Unnamed U.S. Sportswear Company Implicated in FIFA Scandal

A "major U.S. sportswear company" allegedly agreed to pay Traffic Brazil for additional "marketing fees" following a sponsorship deal with the Brazilian team.     Photo: Wikimedia Commons

Unnamed U.S. Sportswear Company Implicated in FIFA Scandal

Soccer’s culture of corruption extended to sponsorships

An indictment released by the Department of Justice on Wednesday alleging a widespread culture of corruption at soccer’s highest levels may involve a U.S. sportswear company, according to the Washington Post. Though the company is not identified, the indictment mentions a ten-year, $160 million sponsorship deal with the Brazilian soccer team in 1996, which closely resembles a deal involving Nike from that year.

This week, the Justice Department unsealed an indictment against nine FIFA officials and five corporate executives, accusing them of illicitly profiting from the sale of lucrative media and marketing rights for major soccer tournaments, according to a press release. By bribing FIFA officials with more than $150 million over the past 24 years, the Justice Department contends, marketing executives secured lucrative contracts for broadcasting networks and corporate sponsors seeking to promote their brands.

Among other charges, investigators say that, in 1996, a “major U.S. sportswear company” agreed to pay Traffic Brazil, a sports marketing conglomerate, for additional “marketing fees” following a sponsorship deal with the Brazilian team. Prosecutors say these fees amounted to tens of millions of dollars in bribes over the next three years.

Nike is “concerned by the very serious allegations,” a representative for the company said in a statement to the Post, adding that the company is cooperating with the authorities and “strongly opposes any form of manipulation or bribery.”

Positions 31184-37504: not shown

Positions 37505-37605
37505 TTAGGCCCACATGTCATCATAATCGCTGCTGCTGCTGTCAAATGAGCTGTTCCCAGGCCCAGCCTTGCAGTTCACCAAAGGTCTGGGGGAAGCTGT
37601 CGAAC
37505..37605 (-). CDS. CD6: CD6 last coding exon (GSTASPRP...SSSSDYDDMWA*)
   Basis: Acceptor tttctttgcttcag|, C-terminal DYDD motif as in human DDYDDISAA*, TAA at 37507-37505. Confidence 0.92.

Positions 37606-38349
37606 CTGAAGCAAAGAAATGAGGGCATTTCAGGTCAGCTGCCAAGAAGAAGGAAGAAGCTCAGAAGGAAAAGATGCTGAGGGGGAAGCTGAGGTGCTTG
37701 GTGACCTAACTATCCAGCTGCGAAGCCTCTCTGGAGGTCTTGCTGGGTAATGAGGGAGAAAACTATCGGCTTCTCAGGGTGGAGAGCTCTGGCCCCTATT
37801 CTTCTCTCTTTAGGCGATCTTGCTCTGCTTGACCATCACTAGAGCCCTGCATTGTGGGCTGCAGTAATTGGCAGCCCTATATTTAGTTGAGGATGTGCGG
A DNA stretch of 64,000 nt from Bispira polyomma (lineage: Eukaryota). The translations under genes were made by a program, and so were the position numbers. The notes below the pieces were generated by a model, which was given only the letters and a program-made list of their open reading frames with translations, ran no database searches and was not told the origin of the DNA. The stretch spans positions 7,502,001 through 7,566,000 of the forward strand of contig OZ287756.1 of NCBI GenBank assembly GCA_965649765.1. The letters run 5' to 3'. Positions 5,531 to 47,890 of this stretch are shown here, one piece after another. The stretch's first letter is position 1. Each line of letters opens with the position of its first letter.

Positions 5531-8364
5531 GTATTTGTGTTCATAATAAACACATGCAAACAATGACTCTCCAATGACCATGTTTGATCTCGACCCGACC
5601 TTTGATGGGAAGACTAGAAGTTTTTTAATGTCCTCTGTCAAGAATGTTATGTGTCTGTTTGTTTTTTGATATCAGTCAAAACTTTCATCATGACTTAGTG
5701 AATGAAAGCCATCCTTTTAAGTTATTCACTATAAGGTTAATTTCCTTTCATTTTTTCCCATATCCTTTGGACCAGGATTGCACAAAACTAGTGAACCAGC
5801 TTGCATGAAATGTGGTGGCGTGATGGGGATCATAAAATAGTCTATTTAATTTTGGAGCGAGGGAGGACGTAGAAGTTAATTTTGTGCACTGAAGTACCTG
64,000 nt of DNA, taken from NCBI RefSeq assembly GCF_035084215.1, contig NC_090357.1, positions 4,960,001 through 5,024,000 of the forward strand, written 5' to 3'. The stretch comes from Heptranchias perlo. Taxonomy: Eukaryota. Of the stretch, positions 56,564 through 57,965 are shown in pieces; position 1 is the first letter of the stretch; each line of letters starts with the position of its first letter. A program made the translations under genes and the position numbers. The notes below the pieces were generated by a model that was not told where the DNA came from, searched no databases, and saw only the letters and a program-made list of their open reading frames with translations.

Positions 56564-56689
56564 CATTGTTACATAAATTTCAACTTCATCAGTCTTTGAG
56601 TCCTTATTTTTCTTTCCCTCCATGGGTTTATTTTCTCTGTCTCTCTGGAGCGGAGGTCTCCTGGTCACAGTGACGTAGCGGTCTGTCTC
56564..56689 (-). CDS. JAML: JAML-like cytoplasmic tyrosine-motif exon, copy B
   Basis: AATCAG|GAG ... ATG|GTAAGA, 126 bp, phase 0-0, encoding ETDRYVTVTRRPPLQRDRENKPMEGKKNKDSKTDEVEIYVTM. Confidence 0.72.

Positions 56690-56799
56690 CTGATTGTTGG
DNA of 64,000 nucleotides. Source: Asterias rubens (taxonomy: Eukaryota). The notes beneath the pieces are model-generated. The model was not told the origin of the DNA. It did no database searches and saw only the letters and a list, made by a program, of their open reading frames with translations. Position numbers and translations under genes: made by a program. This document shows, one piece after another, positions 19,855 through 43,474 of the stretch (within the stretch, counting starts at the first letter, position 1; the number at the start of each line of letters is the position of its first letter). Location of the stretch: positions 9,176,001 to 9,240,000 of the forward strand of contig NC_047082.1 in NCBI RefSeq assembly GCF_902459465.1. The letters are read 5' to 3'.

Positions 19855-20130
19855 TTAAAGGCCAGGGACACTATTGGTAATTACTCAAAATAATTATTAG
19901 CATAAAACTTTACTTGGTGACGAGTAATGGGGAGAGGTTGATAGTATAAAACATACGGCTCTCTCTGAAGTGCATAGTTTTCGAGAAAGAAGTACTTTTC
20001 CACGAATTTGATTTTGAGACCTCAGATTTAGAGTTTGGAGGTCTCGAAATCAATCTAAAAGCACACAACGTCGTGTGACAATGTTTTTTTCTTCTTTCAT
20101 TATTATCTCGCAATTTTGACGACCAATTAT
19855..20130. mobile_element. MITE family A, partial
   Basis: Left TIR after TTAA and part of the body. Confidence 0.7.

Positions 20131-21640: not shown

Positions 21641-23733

A group of about 30 met in Yosemite and brainstormed on how to improve inclusiveness in the outdoors.     Photo: Jeff Pang/Flickr

Yosemite Meeting Tackles Diversity in Parks

Included 30 conservation leaders

One hundred and twelve years after Teddy Roosevelt and John Muir met in Yosemite to discuss an idea for a national parks system, a group of conservationists gathered in the park earlier this month to hash out how to keep the parks relevant in the face of an increasingly urbanized population. About 30 men and women attended the meeting, called the Muir Campfire Discussion on Diversity and Relevancy, to discuss how outdoor recreation and environmentalism can be more inclusive.

“As two different people as [Muir and Roosevelt] were, Yosemite gave them the place to create solutions and have discussions that would speak to future generations,” Robert Hanna, Muir’s great great grandson, told High Country News. “We now find ourselves going back to the exact same place to address head-on the serious issues of our time.”

As HCN reports, minorities, millennials, and city dwellers aren’t as likely to visit national parks as white suburban baby boomers. Meeting attendees hailed from agencies including the National Park Service, the U.S. Forest Service, Sierra Club, and the Center for Diversity and the Environment and from various backgrounds and ethnicities.

The group tossed around ideas for three days on how to improve inclusiveness in the outdoors, including outreach to historically black universities, community colleges, churches, and youth groups and the Boys and Girls Club of America. The attendees also acknowledged the need to adapt the dynamics of their organizations to promote more engagement among their target audiences.

“The lasting hope for this summit is to have tangible solutions in place that are cost effective, so that one less obstacle is in place for diversity and inclusion in outdoor spaces,” Theresa Baker, organizer of the conference and leader of the grassroots group African American National Parks Event, told the Huffington Post before the meeting.